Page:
When a habeas petitioner claims not to have received a fair trial because the district attorney failed to disclose material evidence in violation of Brady v. Maryland (1963) 373 U.S. 83–and when the Attorney General has knowledge of, or is in actual or constructive possession of, such evidence–what duty, if any, does the Attorney General have to acknowledge or disclose that evidence to the petitioner? Would any such duty be triggered only upon issuance of an order to show cause?
“We conclude that the Attorney General has both a constitutional and an ethical duty to disclose evidence in response to a petition for writ of habeas corpus alleging a Brady violation under certain specified circumstances. In addition, we conclude that the respondent to such a petition has a duty to disclose evidence forming the basis of the Brady claim under circumstances that we describe. We explain how these duties may be performed when, as in this case, the evidence forming the basis of the Brady claim in a petition for writ of habeas corpus is subject to statutory disclosure restrictions. Finally, we apply these conclusions in Jenkins’s case and reverse the judgment of the Court of Appeal and remand the matter to that court for further proceedings consistent with this opinion.” (Opinion by Guerrero, C.J.)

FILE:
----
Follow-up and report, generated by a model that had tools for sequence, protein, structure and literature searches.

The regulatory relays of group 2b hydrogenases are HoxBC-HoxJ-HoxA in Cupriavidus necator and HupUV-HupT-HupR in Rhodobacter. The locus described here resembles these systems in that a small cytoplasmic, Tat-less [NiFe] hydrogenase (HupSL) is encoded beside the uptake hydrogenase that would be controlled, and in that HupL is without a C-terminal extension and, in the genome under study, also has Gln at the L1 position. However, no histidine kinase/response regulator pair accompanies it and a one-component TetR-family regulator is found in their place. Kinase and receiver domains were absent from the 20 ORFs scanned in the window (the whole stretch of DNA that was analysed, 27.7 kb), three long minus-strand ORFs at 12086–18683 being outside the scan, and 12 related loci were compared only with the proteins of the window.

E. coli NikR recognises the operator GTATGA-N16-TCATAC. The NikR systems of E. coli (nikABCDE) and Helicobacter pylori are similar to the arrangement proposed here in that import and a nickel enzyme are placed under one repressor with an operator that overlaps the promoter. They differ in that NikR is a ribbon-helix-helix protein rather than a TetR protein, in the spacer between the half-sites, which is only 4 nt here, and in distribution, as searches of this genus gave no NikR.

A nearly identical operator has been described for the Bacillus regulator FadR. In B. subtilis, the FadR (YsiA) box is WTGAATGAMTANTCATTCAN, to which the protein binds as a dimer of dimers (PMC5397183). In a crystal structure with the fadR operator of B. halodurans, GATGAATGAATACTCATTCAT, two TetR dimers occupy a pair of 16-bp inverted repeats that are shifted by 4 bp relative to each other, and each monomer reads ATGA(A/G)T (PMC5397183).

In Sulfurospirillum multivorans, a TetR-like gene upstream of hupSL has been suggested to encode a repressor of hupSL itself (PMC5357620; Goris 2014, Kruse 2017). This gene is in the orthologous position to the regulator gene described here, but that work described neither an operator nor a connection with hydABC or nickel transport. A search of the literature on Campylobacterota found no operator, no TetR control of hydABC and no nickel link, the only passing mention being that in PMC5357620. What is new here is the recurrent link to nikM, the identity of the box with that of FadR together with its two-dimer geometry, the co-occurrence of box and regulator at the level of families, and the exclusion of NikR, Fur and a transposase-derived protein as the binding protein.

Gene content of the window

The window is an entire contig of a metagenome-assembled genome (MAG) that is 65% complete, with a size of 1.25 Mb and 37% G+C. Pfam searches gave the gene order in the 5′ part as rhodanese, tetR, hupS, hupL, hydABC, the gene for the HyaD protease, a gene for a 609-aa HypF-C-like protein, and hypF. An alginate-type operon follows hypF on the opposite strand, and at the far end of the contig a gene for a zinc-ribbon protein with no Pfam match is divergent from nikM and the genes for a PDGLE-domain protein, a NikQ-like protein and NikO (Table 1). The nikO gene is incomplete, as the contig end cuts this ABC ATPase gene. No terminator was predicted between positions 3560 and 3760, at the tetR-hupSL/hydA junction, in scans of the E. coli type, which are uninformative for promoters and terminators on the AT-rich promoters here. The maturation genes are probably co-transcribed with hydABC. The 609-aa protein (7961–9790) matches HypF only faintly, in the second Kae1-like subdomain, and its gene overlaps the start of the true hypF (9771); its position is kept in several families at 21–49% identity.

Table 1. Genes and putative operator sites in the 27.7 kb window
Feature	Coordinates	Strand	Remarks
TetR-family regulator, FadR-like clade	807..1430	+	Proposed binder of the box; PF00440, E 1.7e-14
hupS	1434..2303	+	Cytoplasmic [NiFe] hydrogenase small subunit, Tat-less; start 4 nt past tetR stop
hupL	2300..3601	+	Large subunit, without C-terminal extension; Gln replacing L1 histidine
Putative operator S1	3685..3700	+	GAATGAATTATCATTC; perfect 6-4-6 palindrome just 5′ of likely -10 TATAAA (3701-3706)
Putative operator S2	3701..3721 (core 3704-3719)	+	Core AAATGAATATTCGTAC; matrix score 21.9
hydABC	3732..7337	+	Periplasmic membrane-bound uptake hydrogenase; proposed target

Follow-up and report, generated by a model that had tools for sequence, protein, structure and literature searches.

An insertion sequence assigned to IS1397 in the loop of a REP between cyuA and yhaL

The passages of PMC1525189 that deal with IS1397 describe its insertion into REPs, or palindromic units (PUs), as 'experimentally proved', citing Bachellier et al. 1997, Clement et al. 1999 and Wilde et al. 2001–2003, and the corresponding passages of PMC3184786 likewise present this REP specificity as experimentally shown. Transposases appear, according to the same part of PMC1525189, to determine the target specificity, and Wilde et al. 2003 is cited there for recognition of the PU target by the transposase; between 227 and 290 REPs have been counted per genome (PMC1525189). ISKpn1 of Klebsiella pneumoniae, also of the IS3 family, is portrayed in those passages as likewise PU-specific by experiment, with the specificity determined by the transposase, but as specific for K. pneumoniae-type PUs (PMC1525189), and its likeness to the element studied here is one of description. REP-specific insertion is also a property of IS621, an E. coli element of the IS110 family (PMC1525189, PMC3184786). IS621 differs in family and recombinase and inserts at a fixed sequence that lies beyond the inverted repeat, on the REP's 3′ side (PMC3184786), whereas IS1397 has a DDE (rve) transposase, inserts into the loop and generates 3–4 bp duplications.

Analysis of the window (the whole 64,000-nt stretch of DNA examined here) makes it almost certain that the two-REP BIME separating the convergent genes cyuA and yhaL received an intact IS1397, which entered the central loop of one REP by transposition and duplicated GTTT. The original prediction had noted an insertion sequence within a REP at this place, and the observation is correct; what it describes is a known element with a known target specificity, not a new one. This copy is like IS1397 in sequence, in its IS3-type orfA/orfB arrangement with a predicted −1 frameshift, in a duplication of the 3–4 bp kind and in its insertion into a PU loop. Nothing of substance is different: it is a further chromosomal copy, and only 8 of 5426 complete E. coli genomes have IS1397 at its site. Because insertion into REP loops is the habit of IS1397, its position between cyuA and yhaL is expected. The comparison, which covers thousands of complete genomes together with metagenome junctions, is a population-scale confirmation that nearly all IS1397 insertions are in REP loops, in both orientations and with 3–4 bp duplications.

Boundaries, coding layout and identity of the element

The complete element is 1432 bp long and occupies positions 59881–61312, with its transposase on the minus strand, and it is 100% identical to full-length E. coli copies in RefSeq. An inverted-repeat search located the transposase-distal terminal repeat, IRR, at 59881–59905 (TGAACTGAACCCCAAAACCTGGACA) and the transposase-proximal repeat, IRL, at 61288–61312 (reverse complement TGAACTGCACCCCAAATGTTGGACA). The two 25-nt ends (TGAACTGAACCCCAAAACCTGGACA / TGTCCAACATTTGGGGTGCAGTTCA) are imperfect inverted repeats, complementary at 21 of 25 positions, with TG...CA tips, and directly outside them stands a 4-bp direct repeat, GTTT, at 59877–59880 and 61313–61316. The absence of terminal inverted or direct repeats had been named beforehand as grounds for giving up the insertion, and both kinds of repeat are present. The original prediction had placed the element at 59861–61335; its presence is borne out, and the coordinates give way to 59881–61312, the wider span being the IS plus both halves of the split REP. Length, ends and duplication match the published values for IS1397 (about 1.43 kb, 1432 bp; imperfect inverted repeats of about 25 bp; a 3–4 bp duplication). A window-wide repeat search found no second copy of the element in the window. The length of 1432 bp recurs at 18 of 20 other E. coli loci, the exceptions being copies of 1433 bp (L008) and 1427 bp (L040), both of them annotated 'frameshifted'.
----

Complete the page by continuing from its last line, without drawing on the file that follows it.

This case was decided on 3/27/2023.